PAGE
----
Although his succession restored the old Anglo-Saxon royal house to the throne, his time in power was one in which the crown was severely weakened. The Godwins of Wessex grew in importance, and having attempted to banish them Edward was faced with their triumphant return in the 1050s. All of this shows the balancing act that Edward had to operate during these years: between upstart nobles and the envious eyes of foreign monarchs.

Edward’s death at the start of 1066 unleashed a chain reaction of events that established this year as one of the most important in English history. Harold – of the Godwins – claimed the throne, but was then challenged by the king of Norway (who he beat) and then William of Normandy (a battle in which he lost). The events of Harold’s short reign were recounted in an earlier post in the series; in many ways, these subsequent events demonstrate the skill in which Edward the Confessor navigated his reign.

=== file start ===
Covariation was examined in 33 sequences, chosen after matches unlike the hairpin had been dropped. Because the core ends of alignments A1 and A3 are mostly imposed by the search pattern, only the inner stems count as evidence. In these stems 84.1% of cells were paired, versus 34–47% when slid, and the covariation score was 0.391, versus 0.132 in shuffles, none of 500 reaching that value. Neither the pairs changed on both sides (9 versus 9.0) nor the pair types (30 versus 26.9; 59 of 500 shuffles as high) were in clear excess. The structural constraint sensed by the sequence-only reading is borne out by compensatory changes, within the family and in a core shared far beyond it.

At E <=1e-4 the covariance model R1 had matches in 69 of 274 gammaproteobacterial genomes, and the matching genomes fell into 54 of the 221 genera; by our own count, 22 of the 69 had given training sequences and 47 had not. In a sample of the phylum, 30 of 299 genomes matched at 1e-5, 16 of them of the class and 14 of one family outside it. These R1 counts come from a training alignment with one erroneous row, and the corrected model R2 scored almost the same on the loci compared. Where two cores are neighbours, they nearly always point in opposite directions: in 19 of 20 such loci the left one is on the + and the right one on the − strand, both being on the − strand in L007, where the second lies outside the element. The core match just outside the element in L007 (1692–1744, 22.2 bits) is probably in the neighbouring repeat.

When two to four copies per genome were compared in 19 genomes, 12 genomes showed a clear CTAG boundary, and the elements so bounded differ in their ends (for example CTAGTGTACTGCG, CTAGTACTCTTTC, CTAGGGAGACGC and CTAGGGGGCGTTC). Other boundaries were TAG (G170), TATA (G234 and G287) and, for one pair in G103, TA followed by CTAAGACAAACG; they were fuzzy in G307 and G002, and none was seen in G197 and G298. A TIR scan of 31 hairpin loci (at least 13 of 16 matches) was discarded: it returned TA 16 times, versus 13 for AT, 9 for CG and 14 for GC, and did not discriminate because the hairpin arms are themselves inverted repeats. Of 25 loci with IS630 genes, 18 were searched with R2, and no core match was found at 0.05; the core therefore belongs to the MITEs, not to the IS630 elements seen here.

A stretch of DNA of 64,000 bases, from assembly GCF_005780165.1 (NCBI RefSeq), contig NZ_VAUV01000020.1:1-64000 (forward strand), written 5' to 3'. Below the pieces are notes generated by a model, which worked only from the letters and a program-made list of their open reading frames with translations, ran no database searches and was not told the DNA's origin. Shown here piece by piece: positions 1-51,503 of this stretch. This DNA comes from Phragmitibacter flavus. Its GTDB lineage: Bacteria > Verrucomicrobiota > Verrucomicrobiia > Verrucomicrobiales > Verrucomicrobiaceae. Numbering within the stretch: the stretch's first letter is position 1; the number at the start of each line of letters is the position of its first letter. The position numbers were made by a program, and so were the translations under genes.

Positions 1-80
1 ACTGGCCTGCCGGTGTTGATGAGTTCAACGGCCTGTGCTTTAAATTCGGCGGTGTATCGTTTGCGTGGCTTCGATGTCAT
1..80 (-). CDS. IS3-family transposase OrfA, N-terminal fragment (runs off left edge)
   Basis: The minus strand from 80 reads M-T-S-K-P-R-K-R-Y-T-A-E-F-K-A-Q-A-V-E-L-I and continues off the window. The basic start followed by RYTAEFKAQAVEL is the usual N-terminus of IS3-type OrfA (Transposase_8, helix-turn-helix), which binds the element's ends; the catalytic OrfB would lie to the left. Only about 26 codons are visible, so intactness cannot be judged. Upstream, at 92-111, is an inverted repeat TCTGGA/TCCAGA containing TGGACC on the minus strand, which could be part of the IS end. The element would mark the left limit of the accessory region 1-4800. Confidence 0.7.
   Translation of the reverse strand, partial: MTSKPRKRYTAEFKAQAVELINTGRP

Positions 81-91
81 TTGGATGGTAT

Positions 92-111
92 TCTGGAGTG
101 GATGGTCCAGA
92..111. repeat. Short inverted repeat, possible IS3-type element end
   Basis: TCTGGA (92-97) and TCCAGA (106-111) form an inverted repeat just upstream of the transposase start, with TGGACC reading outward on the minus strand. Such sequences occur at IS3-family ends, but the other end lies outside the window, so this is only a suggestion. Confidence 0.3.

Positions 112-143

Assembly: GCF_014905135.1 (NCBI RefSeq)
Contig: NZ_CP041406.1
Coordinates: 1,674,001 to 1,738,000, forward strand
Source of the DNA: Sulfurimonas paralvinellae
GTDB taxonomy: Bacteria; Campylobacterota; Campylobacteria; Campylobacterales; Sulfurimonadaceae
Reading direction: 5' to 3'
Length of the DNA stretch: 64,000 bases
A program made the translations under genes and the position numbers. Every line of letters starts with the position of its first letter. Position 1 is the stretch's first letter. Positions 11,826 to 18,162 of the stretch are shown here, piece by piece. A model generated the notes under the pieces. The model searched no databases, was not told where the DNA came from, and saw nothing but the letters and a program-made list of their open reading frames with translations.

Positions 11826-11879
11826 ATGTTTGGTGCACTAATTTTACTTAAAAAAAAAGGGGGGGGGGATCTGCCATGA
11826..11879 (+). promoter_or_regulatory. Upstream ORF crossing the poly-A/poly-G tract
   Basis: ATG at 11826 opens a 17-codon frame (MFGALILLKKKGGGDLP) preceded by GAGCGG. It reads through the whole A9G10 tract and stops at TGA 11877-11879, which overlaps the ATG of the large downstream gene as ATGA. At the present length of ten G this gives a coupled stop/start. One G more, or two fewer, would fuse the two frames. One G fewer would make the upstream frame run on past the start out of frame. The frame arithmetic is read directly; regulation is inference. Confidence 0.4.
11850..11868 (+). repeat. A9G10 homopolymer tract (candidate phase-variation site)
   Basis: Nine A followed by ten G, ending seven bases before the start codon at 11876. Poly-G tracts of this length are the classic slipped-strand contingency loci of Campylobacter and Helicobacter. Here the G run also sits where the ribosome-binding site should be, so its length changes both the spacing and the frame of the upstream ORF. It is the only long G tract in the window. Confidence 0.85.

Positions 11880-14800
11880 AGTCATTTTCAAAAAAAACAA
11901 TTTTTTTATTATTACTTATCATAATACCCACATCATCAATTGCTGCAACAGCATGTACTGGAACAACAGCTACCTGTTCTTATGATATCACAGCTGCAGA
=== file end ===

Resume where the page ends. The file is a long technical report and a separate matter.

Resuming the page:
What of Edward II? The majority of historians would undoubtedly classify Edward II as one of England’s worst monarchs. He had the misfortune to be sandwiched beside his father (Edward I) and son (Edward III), who could lay claim to be two of England’s most successful rulers. Furthermore, the years of his reign – from 1307 to 1327 – were filled with problems.

Some of these problems include failure in war with Scotland; never a good sign of an English king. His father was known as “the Hammer of the Scots”, but it was Edward who faced defeat at Bannockburn in 1314; this led to the re-establishment of the Scottish royal house under Robert the Bruce.

Perhaps of bigger importance was Edward’s reliance on close male friendships; initially with Piers Gaveston, and then in the 1320s with Hugh Despenser. These friendships were hated by the nobility and the tension led to the outbreak of rebellions (with poor Piers jettisoned and killed). Back in 2018 I covered the relationship between Edward II and Piers Gaveston (as part of research into the earls of Cornwall),  in which I outlined the rumour of their friendship: